Book Review: ‘The Youtube Reader’- by Pelle Snickars and Patrick Vonderau
On: September 19, 2010
As the fastest-growing website in the history of the Web, Youtube can be see as the figurehead in online-video and an inspiration for all sites to come. Any random visitor of Youtube surfing to the website and uploading the footage of his latest vacation to Italy, watching a video of a giggling baby or commenting on a CNN coverstory on the war in Iraq is unaware of the many characteristics this website holds. Therefore this platform has been the object of study in various fields of study ranging from a philosophical basis to a more technological.
Pelle Snickars and Patrick Vonderau recognised the many contradictions and metaphors within Youtube and composed a reader ‘that presupposes a broader theoretical framework and a critical distance vis-a-vis Youtube discourse itself’ and one that ‘would provide researchers, teachers and students with a programmatic selection of foundational texts, permitting them to mount an intervention’ (Snickars & Vonderau, 2009: p. 17): The Youtube Reader. So Snickars, Head of Research at the Swedish National Archive of Recorded Sound and Moving Images, and Vonderau, a professor at the department of Cinema studies at the Stockholm University, aim at ‘prompting further studies on the cultural and capitalist , social and material, amateur and professional logic of Youtube’ (Snickers and Vonderau, 2009: p.18). A reader composed of short, essayistic articles that analyze various relationships between technology, community and commerce they try to give an insight in the peculiar negotiating between these two within Youtube.
But how do you do this in a claryfying way? How do you give an overview of an enormous website like Youtube? Snickars and Vonderau do so by dividing the reader into six parts thematic parts: mediality, usage, form, storage, industry and curatorship. The first chapter deals with articles that analyze the relationship of Youtube with other media like television and film and contains articles like ‘The Future of a medium once known as television’ from William Uricchio that explores Youtube’ implication as a danger to television. This is a completly different approach from the articles in the Usage-part that look at the way people use Youtube in different ways. The article ‘The entrepreneurial vlogger: participatory culture beyond the professional-amateur divide’ for example by Burgess & Green show that the opposition of commercial and non-commercial, professional and amateur users within Youtube is not so strong as usually defined: they are coexisting and coevolving. The reader continues with articles that deal with the way Youtube stores information and content and the metaphor of it being a digital archive, in the industry-part the contributions have a more economic background and asks questions about cultural industries and advertising and copyright-issues. In the last part the demand for a curator for Youtube is discussed. The reader contains contributions by renown academics like Richard Grusin, Thomas Elsaesser, Markus Stauff, Giovanna Fossati and many others.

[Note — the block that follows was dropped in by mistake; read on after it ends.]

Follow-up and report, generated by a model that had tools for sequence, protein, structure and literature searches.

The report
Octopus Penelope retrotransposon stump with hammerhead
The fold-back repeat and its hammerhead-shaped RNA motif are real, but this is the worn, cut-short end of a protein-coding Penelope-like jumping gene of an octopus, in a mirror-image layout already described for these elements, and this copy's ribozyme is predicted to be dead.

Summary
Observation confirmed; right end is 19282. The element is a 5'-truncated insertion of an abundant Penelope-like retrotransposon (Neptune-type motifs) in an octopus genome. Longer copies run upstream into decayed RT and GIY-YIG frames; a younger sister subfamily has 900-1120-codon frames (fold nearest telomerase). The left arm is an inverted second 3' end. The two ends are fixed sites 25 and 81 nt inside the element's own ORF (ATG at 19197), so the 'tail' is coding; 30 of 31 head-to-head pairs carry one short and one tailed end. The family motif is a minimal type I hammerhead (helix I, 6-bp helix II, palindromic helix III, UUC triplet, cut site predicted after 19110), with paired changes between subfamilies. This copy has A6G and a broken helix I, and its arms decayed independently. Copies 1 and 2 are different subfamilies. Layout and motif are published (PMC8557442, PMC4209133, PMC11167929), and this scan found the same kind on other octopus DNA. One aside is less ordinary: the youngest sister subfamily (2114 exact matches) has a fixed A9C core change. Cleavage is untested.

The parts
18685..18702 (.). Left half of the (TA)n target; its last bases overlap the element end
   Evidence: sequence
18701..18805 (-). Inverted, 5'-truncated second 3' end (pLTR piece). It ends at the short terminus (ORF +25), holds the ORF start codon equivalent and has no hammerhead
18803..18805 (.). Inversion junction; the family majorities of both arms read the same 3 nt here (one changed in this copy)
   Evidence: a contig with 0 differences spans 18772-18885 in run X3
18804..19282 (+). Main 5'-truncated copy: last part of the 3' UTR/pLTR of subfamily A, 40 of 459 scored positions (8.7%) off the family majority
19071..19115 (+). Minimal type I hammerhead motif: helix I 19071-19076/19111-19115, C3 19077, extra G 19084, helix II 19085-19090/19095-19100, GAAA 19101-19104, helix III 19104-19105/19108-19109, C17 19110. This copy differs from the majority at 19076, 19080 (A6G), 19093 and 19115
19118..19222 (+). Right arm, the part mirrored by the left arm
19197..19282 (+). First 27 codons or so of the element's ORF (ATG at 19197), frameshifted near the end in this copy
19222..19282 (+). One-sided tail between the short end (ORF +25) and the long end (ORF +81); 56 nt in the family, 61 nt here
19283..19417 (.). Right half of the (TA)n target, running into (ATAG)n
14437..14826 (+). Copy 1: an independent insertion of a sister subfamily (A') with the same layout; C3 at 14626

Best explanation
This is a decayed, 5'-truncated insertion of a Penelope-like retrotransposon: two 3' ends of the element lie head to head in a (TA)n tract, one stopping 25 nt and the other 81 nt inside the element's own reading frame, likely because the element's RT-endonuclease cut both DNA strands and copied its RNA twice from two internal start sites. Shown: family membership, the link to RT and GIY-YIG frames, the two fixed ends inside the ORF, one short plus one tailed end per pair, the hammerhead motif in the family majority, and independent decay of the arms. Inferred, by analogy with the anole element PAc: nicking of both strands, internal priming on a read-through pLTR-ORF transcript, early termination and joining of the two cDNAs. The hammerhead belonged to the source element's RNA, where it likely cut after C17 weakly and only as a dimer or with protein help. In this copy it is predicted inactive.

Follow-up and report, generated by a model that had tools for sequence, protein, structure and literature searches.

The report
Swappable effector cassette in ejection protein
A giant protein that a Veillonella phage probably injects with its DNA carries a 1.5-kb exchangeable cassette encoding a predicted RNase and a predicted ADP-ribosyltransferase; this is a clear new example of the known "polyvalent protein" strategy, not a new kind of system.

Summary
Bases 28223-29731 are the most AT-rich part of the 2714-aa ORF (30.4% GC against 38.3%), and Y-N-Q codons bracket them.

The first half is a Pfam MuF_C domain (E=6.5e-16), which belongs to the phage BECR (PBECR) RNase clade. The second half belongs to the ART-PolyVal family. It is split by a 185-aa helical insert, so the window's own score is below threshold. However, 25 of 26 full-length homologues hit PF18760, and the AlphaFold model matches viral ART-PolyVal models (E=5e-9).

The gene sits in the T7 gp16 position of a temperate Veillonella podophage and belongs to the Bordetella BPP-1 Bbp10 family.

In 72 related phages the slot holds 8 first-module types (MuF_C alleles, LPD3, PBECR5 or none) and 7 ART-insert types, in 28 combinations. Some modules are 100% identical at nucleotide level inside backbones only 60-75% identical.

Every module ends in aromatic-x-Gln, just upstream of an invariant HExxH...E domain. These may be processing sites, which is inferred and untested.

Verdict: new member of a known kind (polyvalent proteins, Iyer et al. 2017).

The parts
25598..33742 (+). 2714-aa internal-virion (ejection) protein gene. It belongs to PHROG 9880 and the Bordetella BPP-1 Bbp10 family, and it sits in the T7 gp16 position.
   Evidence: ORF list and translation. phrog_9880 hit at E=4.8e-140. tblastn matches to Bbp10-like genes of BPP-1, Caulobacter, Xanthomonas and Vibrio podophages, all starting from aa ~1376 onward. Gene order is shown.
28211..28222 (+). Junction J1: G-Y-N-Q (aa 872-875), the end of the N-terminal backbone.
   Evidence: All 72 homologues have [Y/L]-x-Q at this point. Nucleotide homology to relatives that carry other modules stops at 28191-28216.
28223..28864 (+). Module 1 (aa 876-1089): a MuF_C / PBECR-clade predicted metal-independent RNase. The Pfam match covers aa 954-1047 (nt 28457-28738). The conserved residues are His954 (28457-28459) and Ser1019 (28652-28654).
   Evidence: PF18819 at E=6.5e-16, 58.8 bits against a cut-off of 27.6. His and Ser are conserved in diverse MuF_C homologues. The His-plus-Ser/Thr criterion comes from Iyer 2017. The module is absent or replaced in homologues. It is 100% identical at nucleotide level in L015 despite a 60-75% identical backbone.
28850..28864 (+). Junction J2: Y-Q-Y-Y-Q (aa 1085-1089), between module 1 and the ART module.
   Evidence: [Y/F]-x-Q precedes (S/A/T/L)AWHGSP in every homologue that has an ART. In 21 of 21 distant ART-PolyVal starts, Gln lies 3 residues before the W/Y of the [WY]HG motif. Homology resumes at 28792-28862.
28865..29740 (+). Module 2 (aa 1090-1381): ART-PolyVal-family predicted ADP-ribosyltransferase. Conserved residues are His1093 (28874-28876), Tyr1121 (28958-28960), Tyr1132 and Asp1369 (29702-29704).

It was Snickars and Vonderau’ ambition to give a programmatic selection of foundational texts to researchers, teachers and students and one that would spark further research. By dividing the reader into thematic parts it becomes a clear overview of the many traits that Youtube holds and discusses the many contradictions and metaphors. This reader should be seen as a startingpoint of a researcher or someone interested in this phenomenon called Youtube and its characteristics. The many short essayistic articles do not deliver us a profound analysis of one of those characteristics but touches a lot of them to spark your curiosity and function as a basis for further research.
This book exactly pinpoints where the research about Youtube in my eyes stands at the moment: at its beginning. It seems like the enormous impact Youtube has or in the future could have on different aspects in our media-environment only has been recognised since a short while. Youtube’ status as just a site with an enormous amount of funny videos has only lately transformed into one that could become a major player and made online-video a force that can no longer be avoided. Questions like it’s danger for the existence of traditional television-watching and how to store such an amount of data don’t seem to be fully answered yet. On the one hand this is caused because Youtube as a platform still hasn’t reached its full potential and still can grow on many aspects, and this makes it on the other hand difficult for both academics as for companies to decide how to approach it. This indecision is illustrated by this reader that contains a lot of articles, all with very different approaches. In my BA-thesis ‘Youtube as threat: telling the story the right way’ I also proposed that big media companies should not approach Youtube as a threat but watch how to take advantage of Youtube and some of its traits: use Youtube own network and storage of musicvideos. But this also is only one of many proposals on how to approach Youtube and does not have the ambition of being the big solution. Because we still don’t fully understand Youtube and therefore Snickars and Vonderau were right: it needs a lot of further researchin order for us to determine what Youtube exactly is, what it’s dangers and possibilities are and when it has reached its full potential